In the end, some of you don’t get it, and I shouldn’t expect you to. It’s not just limited to this series, but it’s an issue across board: non-fans don’t understand being one. Folks put their real emotions behind their teams. It’s bigger than putting on for where you’re from, because for as many people as big up Texas as the greatest country in the United States (and yes, I said that right), those same folks walk away from the mention of Tony Romo or the death penalty or the Astros. For real fans, it’s not like that. I take Albert Pujols and Nick Punto with the same grain of salt, because I have to because they both are Cardinals. Not Missouri, but Cardinals.

Fanhood isn’t something you just casually jump in and out of. We could give a damn less why you’re just showing up right now, but don’t have the audacity to say “we” like you have anything to do with the real Rangers fans that are a step away from legitimate joy of nearly a two year dream on the verge of coming true. And also, miss me with the “it’s just sports” claims. It’s never “just” anything when you really invest yourself in something and support it no matter what. If that’s how we’re playing it:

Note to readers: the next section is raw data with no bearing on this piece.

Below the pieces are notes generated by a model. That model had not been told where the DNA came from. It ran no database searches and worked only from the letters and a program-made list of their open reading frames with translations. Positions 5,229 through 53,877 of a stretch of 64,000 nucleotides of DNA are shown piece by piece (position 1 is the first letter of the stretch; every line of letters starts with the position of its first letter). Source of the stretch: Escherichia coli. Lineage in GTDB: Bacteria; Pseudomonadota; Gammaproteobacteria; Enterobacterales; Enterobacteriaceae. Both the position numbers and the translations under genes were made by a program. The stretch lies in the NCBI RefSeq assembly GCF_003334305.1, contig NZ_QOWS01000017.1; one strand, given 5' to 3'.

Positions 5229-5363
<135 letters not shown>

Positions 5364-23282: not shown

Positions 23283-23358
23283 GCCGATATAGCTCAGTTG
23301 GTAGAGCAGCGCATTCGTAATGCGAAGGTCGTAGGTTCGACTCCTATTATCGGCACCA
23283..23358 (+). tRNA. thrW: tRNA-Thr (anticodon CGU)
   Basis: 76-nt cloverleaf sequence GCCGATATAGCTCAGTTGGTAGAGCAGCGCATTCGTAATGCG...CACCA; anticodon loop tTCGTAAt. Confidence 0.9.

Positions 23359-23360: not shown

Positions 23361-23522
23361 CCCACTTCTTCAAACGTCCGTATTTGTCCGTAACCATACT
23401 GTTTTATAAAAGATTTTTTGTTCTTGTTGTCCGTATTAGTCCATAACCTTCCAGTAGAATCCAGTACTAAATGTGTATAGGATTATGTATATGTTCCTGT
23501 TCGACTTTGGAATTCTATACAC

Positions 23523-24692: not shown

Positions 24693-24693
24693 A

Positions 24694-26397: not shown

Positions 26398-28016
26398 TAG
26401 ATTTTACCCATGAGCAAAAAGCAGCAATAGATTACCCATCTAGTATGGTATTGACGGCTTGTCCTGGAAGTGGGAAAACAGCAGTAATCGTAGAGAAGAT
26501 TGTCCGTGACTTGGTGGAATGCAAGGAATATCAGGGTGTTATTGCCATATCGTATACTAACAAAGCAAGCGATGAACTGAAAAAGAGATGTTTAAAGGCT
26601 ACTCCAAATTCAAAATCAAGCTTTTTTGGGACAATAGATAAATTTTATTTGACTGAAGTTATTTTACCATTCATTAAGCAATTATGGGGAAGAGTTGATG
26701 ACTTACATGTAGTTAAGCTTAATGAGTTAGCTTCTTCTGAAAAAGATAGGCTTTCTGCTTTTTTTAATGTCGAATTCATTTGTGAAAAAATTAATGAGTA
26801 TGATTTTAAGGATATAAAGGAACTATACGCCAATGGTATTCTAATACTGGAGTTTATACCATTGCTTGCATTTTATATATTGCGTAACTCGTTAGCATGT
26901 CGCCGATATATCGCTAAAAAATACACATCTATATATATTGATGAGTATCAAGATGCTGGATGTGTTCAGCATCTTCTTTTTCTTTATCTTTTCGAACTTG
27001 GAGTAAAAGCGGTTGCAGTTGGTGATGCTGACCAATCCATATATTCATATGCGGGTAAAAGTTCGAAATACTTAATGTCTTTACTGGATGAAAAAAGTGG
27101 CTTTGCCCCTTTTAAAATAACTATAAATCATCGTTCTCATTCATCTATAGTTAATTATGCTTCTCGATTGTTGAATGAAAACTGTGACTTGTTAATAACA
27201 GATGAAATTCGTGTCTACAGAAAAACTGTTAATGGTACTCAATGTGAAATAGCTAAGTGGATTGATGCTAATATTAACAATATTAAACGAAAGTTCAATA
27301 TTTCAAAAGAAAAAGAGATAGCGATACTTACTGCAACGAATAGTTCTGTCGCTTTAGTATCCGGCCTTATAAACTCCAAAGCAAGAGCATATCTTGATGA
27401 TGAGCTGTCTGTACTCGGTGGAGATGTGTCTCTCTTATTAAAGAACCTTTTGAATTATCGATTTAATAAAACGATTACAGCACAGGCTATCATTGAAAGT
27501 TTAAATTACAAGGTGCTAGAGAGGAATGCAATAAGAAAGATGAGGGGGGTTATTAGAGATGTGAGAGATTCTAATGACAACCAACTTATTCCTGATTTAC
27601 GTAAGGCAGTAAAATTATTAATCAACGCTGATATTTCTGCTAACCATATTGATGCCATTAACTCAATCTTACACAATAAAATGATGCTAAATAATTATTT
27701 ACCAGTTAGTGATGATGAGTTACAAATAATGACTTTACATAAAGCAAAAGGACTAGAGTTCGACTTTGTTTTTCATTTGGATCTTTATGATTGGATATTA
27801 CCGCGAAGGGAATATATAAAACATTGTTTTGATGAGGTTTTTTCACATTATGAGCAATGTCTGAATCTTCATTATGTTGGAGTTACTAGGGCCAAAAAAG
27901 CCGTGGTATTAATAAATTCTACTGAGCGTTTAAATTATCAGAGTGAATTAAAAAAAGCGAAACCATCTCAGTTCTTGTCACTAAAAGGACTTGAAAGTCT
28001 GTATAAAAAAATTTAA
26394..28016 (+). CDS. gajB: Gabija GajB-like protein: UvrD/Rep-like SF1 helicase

When your car gets broken into, it’s just a car. You’ll get another one.

Your boyfriend is knocking down your best friend? Ouch, go get a new one of each. Billions of people out here you know. Billions of people out here.

When you get fired, it’s just a job. There’s tons of them out here.

You flunked a class? Just take it again, they’ll keep teaching it.

Your dog got ran over by a tractor? Tough breaks, go buy another one that looks like it.

You see what that is? Those are things in your life you could care about that I just jumped in at the last second to let you know they don’t matter. And you know what? I’m happy it’s happening to. I hope somebody from Missouri is the reason it’s going down too, so I can “put on for Missouri”. I’ve got no problem losing, but I do have a problem with the tomb robbers celebrating like they earned their keep.

If I did that, it’d be bullshit and until you realize you’re doing the same thing…

You gotta STFU.

Follow me on Twitter for more on what the strive and struggle of a man who’s team is on Death Row at @CheapSeatFan.


Posted: October 22, 2011 by The Cheap Seat Fan in NFL
Tags: , ,

Fearless Predictions didn’t make it to print last week here, which is a shame because it was a great week in the “crystal ball of football picks” business. However, have no fear, here’s the recap for those of you keeping score a home, before we get into this weekend’s business.

Winners: Falcons, Bengals, Packers, Giants, Steelers, Eagles, Raiders, Ravens, Patriots, Bears, Jets

Losers: Lions, Buccaneers